For example,

```
{a,b}::Indices(vector).
\delta{#}::Accent.
ex:=\delta{A^{a b}+B^{a b}}
```

Result is not right.

0 votes

Hi Eureka.

Firstly, let me point that a semi-colon is missing at the en d of the third line. So, the correct *code* should be

```
{a,b}::Indices(vector).
\delta{#}::Accent.
ex := \delta{A^{a b}+B^{a b}};
```

Then, let me clarify that (to my understanding) accents are a way to differentiate symbols, i.e. it has no further properties. Why is this important? Perhaps your expression should be written as

`ex := \delta{A}^{a b} + \delta{B}^{a b};`

If you are expect your *accent* to have linearity property, give assign the property of `Derivative`

, i.e.

`\delta{#}::Derivative.`

If you use the `Derivative`

property instead of the `Accent`

, you could apply the `distribute`

algorithm in your original expression

```
{a,b}::Indices(vector).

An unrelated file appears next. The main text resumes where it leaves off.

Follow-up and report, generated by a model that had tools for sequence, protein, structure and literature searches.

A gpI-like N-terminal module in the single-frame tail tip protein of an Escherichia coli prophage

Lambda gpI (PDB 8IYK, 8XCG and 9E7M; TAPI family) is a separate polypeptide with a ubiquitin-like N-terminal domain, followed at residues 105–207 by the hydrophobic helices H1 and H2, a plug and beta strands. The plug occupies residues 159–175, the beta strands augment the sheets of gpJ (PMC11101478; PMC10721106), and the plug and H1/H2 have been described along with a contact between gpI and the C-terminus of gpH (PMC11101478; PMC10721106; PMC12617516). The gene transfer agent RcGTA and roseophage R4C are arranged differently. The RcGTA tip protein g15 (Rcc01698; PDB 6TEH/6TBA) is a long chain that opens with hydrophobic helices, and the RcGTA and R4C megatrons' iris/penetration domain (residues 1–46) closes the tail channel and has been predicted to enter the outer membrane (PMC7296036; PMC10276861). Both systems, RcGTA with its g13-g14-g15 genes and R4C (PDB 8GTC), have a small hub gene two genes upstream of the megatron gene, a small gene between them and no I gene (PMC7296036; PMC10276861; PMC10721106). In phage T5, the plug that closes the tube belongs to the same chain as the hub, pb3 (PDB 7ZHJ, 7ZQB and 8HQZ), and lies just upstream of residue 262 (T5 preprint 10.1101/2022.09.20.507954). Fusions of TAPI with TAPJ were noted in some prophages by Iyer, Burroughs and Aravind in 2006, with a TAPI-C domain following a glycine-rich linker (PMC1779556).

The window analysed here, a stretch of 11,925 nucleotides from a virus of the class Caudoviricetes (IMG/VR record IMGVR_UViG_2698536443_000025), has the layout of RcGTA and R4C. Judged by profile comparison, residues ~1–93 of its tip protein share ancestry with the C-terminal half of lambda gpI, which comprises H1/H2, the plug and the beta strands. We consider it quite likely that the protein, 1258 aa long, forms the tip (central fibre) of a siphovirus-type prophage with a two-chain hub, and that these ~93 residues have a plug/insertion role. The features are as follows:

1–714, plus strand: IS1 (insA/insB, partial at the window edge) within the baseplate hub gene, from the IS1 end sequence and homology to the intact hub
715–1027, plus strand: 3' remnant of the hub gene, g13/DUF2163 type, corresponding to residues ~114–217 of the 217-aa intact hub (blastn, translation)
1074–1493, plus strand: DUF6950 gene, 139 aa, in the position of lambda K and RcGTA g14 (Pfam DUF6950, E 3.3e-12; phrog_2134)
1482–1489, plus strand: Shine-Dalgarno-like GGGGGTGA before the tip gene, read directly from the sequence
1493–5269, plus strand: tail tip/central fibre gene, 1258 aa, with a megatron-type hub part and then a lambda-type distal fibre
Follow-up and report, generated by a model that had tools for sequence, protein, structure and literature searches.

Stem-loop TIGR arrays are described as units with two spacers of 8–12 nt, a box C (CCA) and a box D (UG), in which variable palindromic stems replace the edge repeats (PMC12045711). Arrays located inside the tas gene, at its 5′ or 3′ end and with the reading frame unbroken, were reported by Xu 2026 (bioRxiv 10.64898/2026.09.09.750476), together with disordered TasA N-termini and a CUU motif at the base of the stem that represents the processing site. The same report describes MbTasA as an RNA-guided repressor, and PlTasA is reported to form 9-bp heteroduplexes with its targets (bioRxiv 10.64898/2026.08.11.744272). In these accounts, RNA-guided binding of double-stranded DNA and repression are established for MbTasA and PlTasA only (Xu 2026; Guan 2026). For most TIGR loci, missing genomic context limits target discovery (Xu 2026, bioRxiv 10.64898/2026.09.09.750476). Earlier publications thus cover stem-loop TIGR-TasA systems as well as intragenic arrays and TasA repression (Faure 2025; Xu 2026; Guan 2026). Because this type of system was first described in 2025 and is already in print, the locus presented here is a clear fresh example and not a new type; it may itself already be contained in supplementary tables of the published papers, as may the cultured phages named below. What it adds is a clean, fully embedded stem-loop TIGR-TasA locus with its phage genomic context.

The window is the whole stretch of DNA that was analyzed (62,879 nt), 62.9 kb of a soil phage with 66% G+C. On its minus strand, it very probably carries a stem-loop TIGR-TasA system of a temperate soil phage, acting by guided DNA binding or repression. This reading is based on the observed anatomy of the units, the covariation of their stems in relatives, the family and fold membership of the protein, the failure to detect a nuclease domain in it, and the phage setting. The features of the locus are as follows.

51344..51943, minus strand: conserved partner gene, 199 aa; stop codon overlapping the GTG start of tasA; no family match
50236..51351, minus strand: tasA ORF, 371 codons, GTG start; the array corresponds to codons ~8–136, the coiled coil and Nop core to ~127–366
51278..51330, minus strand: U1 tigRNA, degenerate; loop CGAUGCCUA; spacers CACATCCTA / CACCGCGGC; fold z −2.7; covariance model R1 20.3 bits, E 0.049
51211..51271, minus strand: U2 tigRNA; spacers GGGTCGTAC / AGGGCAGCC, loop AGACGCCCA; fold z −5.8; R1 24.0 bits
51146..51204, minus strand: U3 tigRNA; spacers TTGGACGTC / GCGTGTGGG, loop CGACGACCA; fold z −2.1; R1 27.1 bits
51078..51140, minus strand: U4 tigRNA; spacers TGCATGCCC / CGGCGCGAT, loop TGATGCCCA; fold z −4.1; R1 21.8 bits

\delta{#}::Derivative.
ex:=\delta{A^{a b}+B^{a b}};
distribute(ex);
```

Cheers, Dox.

Just a small comment to that: if you just want your accent to have that linear property so it behaves as in the above example using `distribute`

, then it is better to use the `Distributable`

property. So

```
{a,b}::Indices(vector).
\delta{#}::Distributable.
ex:=\delta{A^{a b}+B^{a b}};
distribute(ex);
```

The `Derivative`

property leads to other behaviour of the accented symbols which you may or may not want, while `Distributable`

just means that the accent is handled as above in `distribute`

.

Thanks @kasper & @doxrum, this is what I want. I also didn't know the `Distributable`

property, maybe a complete manual for `Cadabra2`

is necessary.

Writing good documentation is the hardest part of writing software.... I didn't even realise that `Distributable`

lacked a manual page. Will add.